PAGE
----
Car Review: The Karma GS-6 Is Huge, But Oh So Beautiful
“People will take your picture,” the PR-guy said to me on the phone before they delivered the Karma GS-6 for me to take a quick two-day test in. Of course, I didn’t believe him... Of course, he was right.
By Brian Kennedy
Mon, Aug 23, 2021 01:00 PM PST
Photos By Gabriela Moya
On the first night I had the Karma, it happened. I was in a neighborhood with no shortage of Teslas and other expensive rides. I was waiting at a light, and a window rolled down opposite me and out came a cell phone grabbing an image. I’ll put it down to a combination of the handsomeness of the car and its uniqueness. Karma doesn’t build very many units, so as electric cars go, you don’t bump into one every day.
Speaking of the looks, my photographer didn’t recognize the car on the street when I parked it to embark for a test drive, and immediately said, “I thought it was a Ferrari” when I identified it before we left for our photo location work. This charming deception comes because while there are four doors, the design is so clever that the GS-6 looks like a swoopy two-door.
One drawback of the swoopiness, however, is oddball-shaped rear doors, which have what can best be called “protruding rear bits” which get in the way of entry/exit. Once you’re inside, though, there’s plenty of room to sit comfortably in the rear seat.
What you can’t see from behind a lens is how big this car is. More on that in a minute. First, let’s talk about how it drives, which can be summarized like this: When you’re in EV mode, the Karma conducts itself like a rocket ship.
All Electric. All The Time. Always EV.
To be clear, you’re actually never NOT in EV mode, because when the battery’s 38-mile range runs out and the gas engine comes on, it’s not to drive the wheels, but to act as a generator which charges the battery - which is always what gives the Karma its motive force. Hence the tagline on the Karma website, which otherwise could appear redundant: “All electric. All the time. Always EV.”
Three Modes of Regenerative Braking
To maximize its charge, the car grabs regenerative power when you’re braking or when you take your foot off the “gas” and activate one of the three regen-modes. You set which of the modes you want to use - three progressively more forceful modes - using a paddle shifter on the back right side of the steering wheel. This took a while to master, though it’s an interesting way to be interactive with the car in your driving around town. But is the driver behind you going to know how fast you’re slowing with no brake lights on? I didn’t have anyone follow me in the car, so I don’t know if there’s a warning. What I can say is that the third-tier deceleration was quite strong, like applying medium pedal pressure in other cars. It’s fine once you get used to it, though. [Editor's Note: We assume that the Karma, like most EVs, will turn on the brake lights when the deceleration is hard enough to warrant it].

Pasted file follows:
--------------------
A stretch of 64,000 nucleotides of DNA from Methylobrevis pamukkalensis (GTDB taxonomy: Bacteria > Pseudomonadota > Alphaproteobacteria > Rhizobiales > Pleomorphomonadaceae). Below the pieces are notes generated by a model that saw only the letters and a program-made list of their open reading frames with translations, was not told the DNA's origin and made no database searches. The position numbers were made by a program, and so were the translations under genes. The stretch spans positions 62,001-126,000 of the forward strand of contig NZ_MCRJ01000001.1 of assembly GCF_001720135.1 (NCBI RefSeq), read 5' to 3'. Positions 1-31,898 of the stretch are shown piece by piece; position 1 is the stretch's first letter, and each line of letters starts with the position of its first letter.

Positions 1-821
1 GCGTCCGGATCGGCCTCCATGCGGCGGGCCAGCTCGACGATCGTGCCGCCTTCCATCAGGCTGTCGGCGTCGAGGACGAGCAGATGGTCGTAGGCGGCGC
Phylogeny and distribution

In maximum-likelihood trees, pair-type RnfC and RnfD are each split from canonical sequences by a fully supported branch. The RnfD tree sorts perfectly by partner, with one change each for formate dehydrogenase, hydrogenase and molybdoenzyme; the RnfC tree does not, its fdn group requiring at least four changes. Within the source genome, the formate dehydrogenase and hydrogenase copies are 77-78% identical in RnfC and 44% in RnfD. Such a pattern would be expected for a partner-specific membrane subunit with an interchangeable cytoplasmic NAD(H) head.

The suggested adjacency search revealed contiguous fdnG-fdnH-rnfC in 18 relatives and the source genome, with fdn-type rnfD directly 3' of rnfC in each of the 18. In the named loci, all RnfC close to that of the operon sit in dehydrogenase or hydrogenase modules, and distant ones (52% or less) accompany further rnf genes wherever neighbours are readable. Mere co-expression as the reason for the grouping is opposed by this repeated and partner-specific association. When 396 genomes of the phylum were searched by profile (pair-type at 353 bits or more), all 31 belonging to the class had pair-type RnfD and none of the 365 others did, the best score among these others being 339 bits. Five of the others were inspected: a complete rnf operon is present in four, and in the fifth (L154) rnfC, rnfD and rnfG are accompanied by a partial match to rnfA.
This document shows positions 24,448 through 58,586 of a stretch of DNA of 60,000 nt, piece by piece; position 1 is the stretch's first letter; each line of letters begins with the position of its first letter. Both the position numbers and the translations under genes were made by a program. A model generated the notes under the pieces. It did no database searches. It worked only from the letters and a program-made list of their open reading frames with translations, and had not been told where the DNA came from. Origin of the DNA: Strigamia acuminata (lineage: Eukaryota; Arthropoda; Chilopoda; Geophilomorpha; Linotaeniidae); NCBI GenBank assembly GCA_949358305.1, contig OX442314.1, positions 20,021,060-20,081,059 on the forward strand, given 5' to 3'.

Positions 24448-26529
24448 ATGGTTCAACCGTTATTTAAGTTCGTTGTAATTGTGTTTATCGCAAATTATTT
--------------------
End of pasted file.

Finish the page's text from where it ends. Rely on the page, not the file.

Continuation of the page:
When you’re in EV mode, the Karma conducts itself like a rocket ship.
That said, driving on the gas engine is nowhere near as nice an experience as when the battery is on full juice. The car doesn’t feel as fast, and the engine is not terribly quiet. Acceleration is not as direct-feeling or linear as in the no-gas-engine mode. This may - most probably - be a matter of perception on my part, but nonetheless, I was most happy when the car was running solo on battery.
Driving The Karma GS-6 In Sustain Mode
In order to see what would happen when the battery-only power ran out, I drove the car down to zero miles left in “Stealth” mode and noted that “Sustain” mode came on. The range was still shown as zero. My house does not have a plug-in that would be safe (no extension cords allowed), so I kept driving on gas-to-battery regen mode.
So as a daily-use car, even though you CAN go a few hundred miles on the battery alone and then on the battery powered by gas, you’re not going to have as much fun doing it on gas. The BMW-sourced engine is buzzy and feels like it’s underpowering the battery (again, semantics due to how the tech works to propel the car—the short version is, drive this thing on pure battery alone and you’ll be much more convinced of its refined nature.)